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Developing Skills

Throughout the IF discussion process much emphasis is placed on guiding participants through stages of a process to develop contrasting policy possibilities. For panelists, the primary goal is to create a product—a discussion summary to be used by other discussion groups. In this system, the effort on collective contribution minimizes opportunities to focus explicitly on the development of participants.

In the case of discussions on the Future of Higher Education, participants generally are concerned with whether the IF model is being applied correctly and if progress on creating possibilities is happening. I am curious as to how the group dynamic would change if participants were concerned more with improving their individual ability to make progress within a discussion group?  This question is an offshoot to Adolf Gundersen’s post about discussion panels being more like student-centered discussions. The student-centered approach could involve individual and group evaluations into the citizen discussion process administered by a facilitator and peers.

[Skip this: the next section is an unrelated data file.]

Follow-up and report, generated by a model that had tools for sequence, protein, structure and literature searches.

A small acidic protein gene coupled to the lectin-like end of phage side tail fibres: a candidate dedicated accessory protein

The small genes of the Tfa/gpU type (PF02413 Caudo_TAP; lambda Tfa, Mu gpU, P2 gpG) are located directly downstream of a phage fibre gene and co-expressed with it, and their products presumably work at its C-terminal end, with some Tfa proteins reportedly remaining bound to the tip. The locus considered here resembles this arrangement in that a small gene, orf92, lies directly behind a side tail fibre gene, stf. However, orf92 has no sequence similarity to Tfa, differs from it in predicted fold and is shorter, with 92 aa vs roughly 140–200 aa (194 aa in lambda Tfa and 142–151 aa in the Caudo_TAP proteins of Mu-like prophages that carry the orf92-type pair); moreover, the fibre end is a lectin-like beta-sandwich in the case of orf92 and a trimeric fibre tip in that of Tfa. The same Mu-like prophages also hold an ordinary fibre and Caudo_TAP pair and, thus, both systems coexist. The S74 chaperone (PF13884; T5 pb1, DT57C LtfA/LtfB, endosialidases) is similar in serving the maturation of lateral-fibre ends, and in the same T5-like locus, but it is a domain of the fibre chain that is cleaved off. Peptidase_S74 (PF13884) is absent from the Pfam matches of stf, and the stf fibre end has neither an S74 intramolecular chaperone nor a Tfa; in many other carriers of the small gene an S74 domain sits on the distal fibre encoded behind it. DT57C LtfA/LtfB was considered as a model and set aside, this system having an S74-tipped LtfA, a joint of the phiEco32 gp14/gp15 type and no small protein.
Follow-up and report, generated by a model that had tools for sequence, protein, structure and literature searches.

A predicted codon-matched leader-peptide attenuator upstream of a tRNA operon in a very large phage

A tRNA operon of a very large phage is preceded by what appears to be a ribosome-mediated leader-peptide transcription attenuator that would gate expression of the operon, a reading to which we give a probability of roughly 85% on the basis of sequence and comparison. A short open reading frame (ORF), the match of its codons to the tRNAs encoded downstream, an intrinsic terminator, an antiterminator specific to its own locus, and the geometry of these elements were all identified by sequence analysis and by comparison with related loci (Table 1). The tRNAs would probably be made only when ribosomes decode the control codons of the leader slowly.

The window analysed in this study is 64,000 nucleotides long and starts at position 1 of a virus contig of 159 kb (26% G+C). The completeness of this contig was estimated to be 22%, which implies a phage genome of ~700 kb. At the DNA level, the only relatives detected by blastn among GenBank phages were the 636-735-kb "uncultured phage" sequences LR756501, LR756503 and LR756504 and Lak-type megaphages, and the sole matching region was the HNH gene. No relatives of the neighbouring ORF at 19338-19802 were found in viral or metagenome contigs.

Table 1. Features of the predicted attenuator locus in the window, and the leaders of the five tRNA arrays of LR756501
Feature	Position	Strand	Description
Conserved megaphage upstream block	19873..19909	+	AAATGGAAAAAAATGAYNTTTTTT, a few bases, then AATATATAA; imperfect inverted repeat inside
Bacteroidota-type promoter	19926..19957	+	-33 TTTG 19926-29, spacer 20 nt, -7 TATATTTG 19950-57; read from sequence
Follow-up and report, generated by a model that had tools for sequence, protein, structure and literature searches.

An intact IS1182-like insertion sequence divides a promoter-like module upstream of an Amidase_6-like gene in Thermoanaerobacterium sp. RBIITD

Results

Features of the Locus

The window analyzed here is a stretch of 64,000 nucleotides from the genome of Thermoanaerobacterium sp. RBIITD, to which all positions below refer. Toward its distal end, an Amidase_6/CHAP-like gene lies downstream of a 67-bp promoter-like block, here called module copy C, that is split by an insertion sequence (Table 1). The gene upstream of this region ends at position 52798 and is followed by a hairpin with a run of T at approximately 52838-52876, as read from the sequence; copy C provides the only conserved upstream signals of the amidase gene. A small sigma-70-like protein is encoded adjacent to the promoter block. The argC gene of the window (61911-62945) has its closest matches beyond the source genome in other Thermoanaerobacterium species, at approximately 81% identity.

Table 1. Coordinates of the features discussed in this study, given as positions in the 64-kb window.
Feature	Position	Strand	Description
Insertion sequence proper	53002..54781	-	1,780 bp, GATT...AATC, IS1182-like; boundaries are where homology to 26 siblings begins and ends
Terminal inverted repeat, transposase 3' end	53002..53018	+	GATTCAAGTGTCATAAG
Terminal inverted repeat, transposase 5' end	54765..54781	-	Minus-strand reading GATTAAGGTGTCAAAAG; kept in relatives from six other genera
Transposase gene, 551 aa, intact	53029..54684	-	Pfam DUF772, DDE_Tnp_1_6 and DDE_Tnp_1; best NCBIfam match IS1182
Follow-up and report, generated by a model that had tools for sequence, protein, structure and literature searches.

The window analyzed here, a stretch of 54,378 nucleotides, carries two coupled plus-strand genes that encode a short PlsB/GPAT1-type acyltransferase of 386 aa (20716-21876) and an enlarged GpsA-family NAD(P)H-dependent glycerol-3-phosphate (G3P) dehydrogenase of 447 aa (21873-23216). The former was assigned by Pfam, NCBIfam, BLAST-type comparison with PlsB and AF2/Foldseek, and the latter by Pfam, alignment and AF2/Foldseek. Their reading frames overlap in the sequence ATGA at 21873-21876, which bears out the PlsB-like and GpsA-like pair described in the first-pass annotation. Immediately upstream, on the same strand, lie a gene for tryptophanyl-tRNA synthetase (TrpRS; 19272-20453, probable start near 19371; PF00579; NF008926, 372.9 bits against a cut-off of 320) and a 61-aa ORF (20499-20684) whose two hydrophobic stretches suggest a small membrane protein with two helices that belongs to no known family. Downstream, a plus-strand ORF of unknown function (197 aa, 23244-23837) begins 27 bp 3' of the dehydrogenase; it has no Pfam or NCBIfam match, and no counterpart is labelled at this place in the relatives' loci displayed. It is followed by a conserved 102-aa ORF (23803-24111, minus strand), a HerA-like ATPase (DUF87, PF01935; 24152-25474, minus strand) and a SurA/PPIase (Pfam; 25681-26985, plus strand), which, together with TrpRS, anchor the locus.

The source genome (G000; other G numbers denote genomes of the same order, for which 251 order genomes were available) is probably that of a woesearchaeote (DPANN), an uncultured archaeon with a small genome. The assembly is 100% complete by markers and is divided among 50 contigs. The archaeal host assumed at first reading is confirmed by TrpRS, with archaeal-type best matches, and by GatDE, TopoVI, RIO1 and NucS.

Giving participants some feedback about their interactions in the group might motivate people to join a citizen discussion. In addition, the development of individual members could make the entire group more aware of how they could perform at a higher level. However, it also might prove to be a barrier to free discussion as participants may feel that their contribution is being “graded”.

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